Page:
COMPENDIUM.—The Editor's remarks on the affairs of France, and Lord Grey's proposed Reform bill, s and m 4—On the state of the revenue, the American President's Speech, and the convulsions on the Continent—s and m 12—On the Proclamation of the Emperor of Russia, and the present state of Ireland, s and m 20—On the affairs of Belgium and France, s and m 28—On the interference of France with Belgium, s and m 36—On the affairs of the Continent and the proceedings in parliament, the Civil List, &c. s and m 44—On the decision of the Congress at Brussels, and the Chancellor of the Exchequer's budget, s and m 53—On the news from France, Portugal, and Italy, and the new Game bill, s 60—m 61—On Lord Brougham's legal reforms, and the stability of ministers, s 68—m 69—On the Reform bill, s and m 77—On the Russian's entry into Warsaw, and the revolutionary movements on the Continent, s 84—m 85—On the repeal of the Irish Sub-letting Act, s and m 92—On the progress of the Reform bill, s 100—m 101—On the Coal bill, and the affairs on the Continent, s and m 108—On the state of foreign affairs, and the present quarter's revenue, s and m 116—On the Polish war, and the debates in parliament on the Reform bill, s 124—m 125—On the dissolution of parliament, s and m l33—On the probable result of the general election, s and m 140—On the battle between the Poles and Russians at Radzewllow, and on the general election, s and m 148—On the contest between Russia and Poland, and the proceedings at a dinner at Paris, s and m 156—On the probable consequences of the war between Poland and Russia, and the progress of the general election, s and m 164—On the increasing strength of the Russian empire, s and m 172—0n the proceedings of the new parliament, s and m 180—On the abdication of the Emperor of the Brazils, s and m 188 —On the parliamentary business at the opening of the sessions, s and m 196—On the King's Speech and the New Reform bill, s 204—m 205—On the probable reception of the Reform bill at the second reading, s 212—m 213—On the character of the new French Chambers, and the progress of the Reform bill, s 220—m 221—On Prince Leopold's election to the throne of Belgium, s 228, 234—m 229, 234—On the recognition of the independence of Belgium by the French government, s 240—m 241—On the renewal of hostilities between Holland and Belgium, and on the ceremony of opening London bridge, s 248 —m 249—On she defeat of the Belgians, and the debates in the French Chambers, s256—m ib—On the affairs and proceedings of the different governments of the European Continent, s and m 264—On the French interference with Belgium, and progress of the Reform bill, s and m 272—On the meeting of parliament, and further progress of the Reform bill, s 280, 281—m 280—On the settlement of the Belgium kingdom, s and m 238—On the surrender of Warsaw, and the debates in the House of Lords, s and m 296—On the carrying of the Reform bill in the House of Commons, and the fall of Warsaw, s and m 304—On the second reading of the Reform bill, and the passing of the Game bill, s and m 312—On the rejection of the Reform bill in the House of Lords, s and m 320, 328—On the prorogation of parliament, and passing of the Game and Bankrupt bills, s and m 386—On the affairs of the Continent, and proceedings of the Reform meetings, s and m 344—On the Bristol riots, and the rage of the cholera in the north, s and m 352—On the stagnation of trade and commerce by the arrival of the cholera morbus, s and m 360—On the delay in assembling parliament, and the establishment of political unions, s and m 368—On the proclamation for enforcing sanitary precautions against the cholera, s and m 376—On the alarming riots at Lyons, s and m 384—On the re-assembling of parliament and debates on the King's Speech, s and m 392—On the parliamentary proceedings in respect of the new Reform bill, s and m 400—On the evil of delay in passing the Reform bill, and the tithe system in Ireland, s and m 408.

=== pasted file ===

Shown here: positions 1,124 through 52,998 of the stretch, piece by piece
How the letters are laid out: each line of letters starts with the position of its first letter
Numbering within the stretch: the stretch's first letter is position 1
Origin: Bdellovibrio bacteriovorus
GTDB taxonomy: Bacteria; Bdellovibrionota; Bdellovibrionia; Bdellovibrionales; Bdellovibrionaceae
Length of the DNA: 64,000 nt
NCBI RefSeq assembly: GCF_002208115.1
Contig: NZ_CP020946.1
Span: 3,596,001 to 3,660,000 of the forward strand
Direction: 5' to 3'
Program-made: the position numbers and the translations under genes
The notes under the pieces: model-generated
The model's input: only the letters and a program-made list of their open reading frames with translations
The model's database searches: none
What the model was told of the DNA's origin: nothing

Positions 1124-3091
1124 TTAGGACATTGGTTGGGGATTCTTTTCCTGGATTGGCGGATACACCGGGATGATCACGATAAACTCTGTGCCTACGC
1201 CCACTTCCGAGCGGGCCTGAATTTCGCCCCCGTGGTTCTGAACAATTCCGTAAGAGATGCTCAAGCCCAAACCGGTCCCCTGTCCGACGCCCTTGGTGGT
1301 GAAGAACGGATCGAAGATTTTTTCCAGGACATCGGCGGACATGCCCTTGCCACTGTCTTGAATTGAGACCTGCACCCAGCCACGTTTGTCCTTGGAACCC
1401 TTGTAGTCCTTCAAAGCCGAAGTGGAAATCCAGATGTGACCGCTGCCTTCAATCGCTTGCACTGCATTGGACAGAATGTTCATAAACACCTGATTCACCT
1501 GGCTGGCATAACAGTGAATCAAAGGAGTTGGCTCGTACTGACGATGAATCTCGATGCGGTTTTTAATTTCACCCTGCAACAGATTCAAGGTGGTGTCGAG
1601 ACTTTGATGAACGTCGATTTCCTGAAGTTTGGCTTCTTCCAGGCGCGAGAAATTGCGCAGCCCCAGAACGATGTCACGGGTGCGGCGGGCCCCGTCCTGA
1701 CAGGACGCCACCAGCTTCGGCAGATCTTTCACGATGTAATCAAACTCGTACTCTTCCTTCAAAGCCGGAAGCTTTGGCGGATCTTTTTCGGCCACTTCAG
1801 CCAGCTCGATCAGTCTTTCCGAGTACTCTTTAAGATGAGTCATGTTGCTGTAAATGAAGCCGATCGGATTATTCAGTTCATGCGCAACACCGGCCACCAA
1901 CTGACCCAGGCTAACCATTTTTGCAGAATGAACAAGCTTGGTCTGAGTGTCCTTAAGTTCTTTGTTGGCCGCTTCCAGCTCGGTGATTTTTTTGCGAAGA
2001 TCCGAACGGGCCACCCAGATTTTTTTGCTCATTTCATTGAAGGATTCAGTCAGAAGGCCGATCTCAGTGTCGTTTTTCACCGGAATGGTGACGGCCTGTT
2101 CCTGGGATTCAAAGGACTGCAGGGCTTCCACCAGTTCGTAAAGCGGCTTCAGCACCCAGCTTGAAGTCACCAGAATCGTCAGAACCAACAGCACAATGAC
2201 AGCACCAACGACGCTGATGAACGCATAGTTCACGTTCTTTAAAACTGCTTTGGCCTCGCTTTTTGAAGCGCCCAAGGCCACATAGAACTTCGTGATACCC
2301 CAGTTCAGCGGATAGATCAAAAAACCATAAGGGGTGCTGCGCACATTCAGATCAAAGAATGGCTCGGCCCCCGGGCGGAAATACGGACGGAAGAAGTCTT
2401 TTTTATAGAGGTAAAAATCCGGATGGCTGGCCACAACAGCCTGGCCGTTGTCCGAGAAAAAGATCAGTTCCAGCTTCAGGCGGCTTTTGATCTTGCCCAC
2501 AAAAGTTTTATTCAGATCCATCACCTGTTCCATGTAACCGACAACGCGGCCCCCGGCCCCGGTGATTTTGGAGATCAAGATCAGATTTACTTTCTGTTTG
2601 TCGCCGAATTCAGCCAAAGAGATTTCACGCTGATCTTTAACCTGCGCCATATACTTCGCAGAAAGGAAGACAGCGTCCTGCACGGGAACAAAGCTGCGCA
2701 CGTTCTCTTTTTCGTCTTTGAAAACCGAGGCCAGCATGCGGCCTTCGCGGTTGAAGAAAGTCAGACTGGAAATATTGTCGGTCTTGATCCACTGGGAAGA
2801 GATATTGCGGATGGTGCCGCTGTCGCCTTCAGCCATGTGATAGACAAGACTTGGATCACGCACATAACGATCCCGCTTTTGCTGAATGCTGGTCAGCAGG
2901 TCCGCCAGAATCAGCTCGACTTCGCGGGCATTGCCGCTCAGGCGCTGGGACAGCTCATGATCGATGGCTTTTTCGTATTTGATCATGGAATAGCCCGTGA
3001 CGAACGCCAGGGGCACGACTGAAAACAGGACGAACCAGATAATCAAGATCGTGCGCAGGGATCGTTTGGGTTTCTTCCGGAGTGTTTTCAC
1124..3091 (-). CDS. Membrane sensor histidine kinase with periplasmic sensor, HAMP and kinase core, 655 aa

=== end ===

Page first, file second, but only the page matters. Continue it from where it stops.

Compunctio of conscience, singular instance of, s 162—m 166.